Sermons & Services

The Blessing in Asking for Help

January 8, 2023

Readings: Matthew 3: 13-17

Will you please pray with me? May the words of my mouth and the meditations of all our hearts be pleasing to you Oh God, our rock and our redeemer. Amen.

Good morning First Church on this Sunday when we remember Jesus’ own baptism. Sometimes when I think of baptisms, I think of sweet potatoes. This might be a very odd thing to say – as sweet potatoes are starchy vegetables that go well with winter salads and baptism is a central sacred ritual of blessing, a sacrament that welcomes us into a life of discipleship and faith as Christians, an experience with water that acknowledges our forgiven and beloved status in the eyes of God. And those are two very different things, so, admittedly it’s a strange association. It comes from a training I did when I was a student spiritual care provider at a local hospital several years ago. In order to be considered prepared to be on call for the Neonatal ICU floor as a student chaplain you needed to be taught how to do a baptism on the youngest infants in the hospital and they wanted us to practice before the need would arise. They had us pair up, one person playing the role of the chaplain and the other the role of a nurse or parent, and we learned how to baptize the smallest patients we would ever have on sweet potatoes. As my friend and I held the sweet potato wrapped in a Kleenex blanket and went through the motions I looked back at him when he didn’t respond to a question. Tears had started to well up in his eyes. In those moments, we both understood that the reality of our dependence on God’s love and interconnectedness with one another through this blessing would be present as we served families on the worst and best days of their lives, in the moments when we all would need God’s grace and mercy the most. I was truly grateful for that time of preparation with our sweet potatoes to make sure we were able to be fully present for the needs of our patients in the visits done on that NICU floor that summer. So sometimes when I think about the mutual relationship and vulnerability required in baptism, I think of that first day of training and then I think of all the people including us who have been met by God’s love and grace present in those baptisms that the exercise had prepared us for.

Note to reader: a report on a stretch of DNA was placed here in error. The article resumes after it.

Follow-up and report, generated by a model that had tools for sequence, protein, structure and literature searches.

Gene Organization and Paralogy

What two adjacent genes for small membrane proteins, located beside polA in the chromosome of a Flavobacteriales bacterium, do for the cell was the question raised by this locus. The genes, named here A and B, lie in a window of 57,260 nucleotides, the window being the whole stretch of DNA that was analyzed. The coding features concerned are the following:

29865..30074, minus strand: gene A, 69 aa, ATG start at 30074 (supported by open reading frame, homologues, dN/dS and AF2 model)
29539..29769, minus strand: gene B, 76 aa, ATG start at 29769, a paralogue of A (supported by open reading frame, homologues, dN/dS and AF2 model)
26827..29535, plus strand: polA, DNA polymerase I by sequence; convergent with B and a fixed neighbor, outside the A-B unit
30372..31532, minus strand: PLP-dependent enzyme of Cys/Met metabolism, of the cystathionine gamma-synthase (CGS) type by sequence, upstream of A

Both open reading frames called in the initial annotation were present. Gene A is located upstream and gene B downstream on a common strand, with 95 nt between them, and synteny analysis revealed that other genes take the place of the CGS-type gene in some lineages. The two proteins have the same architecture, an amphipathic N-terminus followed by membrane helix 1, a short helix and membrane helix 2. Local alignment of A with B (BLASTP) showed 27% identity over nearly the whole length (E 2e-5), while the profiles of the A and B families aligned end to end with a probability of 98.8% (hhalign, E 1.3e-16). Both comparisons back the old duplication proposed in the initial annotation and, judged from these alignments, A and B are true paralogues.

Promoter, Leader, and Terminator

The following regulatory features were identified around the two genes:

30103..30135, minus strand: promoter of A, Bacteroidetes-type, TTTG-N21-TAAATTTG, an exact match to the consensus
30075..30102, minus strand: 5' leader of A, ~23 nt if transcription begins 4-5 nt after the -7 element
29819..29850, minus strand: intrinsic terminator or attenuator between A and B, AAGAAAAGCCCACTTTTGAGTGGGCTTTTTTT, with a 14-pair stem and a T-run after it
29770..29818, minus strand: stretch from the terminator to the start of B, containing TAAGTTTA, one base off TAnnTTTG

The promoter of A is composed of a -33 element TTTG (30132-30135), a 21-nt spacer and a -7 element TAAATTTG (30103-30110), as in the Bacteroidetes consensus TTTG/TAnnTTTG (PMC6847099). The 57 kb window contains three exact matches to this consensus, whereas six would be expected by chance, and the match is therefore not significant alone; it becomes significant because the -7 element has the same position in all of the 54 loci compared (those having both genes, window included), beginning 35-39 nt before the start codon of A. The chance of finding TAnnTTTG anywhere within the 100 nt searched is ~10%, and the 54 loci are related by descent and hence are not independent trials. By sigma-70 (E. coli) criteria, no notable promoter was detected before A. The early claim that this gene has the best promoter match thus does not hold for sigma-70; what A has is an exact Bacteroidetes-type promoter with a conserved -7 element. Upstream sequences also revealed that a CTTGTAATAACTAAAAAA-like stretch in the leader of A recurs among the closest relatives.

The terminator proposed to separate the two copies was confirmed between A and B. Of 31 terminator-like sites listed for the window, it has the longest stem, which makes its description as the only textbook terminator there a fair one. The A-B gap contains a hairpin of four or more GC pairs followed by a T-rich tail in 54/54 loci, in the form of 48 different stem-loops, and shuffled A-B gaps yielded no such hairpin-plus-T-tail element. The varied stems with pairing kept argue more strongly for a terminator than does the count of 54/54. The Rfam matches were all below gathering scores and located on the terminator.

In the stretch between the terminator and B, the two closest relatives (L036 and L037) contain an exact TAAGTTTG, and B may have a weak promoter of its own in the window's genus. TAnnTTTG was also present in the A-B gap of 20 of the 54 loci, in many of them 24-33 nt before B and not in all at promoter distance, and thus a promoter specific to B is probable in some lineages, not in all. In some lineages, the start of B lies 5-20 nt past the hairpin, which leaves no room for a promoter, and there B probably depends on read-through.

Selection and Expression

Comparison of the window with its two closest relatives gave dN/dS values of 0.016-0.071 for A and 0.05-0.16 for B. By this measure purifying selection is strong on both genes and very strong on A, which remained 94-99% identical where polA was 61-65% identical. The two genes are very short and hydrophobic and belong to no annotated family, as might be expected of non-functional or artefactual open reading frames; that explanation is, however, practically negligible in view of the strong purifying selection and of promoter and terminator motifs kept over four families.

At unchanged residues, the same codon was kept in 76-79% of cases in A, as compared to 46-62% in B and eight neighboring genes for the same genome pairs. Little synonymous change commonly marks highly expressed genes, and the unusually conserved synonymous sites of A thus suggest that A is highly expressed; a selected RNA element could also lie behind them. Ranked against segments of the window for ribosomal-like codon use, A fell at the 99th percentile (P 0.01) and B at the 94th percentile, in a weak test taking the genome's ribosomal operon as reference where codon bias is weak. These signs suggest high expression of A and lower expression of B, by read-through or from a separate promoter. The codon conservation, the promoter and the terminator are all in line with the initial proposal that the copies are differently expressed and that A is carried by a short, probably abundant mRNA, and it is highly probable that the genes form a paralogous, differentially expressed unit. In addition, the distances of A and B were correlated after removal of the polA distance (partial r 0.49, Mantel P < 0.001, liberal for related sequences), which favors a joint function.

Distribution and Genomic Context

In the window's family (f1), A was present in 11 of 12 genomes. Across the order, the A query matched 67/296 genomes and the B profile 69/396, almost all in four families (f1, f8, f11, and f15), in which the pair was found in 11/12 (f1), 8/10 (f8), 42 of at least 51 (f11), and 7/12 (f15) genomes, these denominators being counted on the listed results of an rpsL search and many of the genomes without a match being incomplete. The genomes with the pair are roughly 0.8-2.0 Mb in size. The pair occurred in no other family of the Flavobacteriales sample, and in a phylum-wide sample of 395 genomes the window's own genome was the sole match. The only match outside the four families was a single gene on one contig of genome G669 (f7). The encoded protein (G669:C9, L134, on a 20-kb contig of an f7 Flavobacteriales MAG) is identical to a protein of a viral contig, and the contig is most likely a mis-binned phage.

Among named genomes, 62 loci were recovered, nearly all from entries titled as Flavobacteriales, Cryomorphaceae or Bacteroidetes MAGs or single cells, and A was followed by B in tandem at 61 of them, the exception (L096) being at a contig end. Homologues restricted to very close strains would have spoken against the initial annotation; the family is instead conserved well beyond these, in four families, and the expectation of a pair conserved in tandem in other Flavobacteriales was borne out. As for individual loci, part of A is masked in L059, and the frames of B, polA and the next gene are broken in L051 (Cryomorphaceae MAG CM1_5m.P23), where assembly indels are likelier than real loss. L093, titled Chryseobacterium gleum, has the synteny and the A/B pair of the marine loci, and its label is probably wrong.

This memory came up in my mind over the holidays when I was talking to a family friend who is a surgeon at a hospital in Boston when she recounted to me how she sometimes does baptisms on infants with the nurses if the need arises. We marveled together about how beautiful it is that anyone with the intent to baptize can meet that need. All that is required is for the parent to ask and a person to be willing to bless the patient. God’s grace and love are found in the actions of ordinary people – both those who ask for a blessing and those who are seeking to bless.

Today we have come to the story of Jesus’ own baptism on this first Sunday of the season of Epiphany. The account of Jesus’ baptism is followed by his temptation in the wilderness, the beginnings of his ministry and the call of his first disciples. It is the beginning of the time we spend with Jesus as an adult even though we were just celebrating his birth last week. We have fast forwarded about 30 years into the future in this narrative. This story of Jesus’ baptism in the Jordan river from the Gospel of Matthew comes after a description of John baptizing crowds of people having traveled from the surrounding regions in the Jordan river. A community of people were seeking out John to be baptized in this body of water and so was Jesus. He comes to John and asks to be baptized. And at first John attempts to refuse. He says, “I need to be baptized by you, and do you come to me? Or said differently, “Jesus, you should be baptizing me, why would you come to me for this?” Jesus responds in what seems like a strange and cryptic way, which is not uncommon for Jesus, saying,  “Let it be so now; for it is proper for us in this way to fulfill all righteousness.”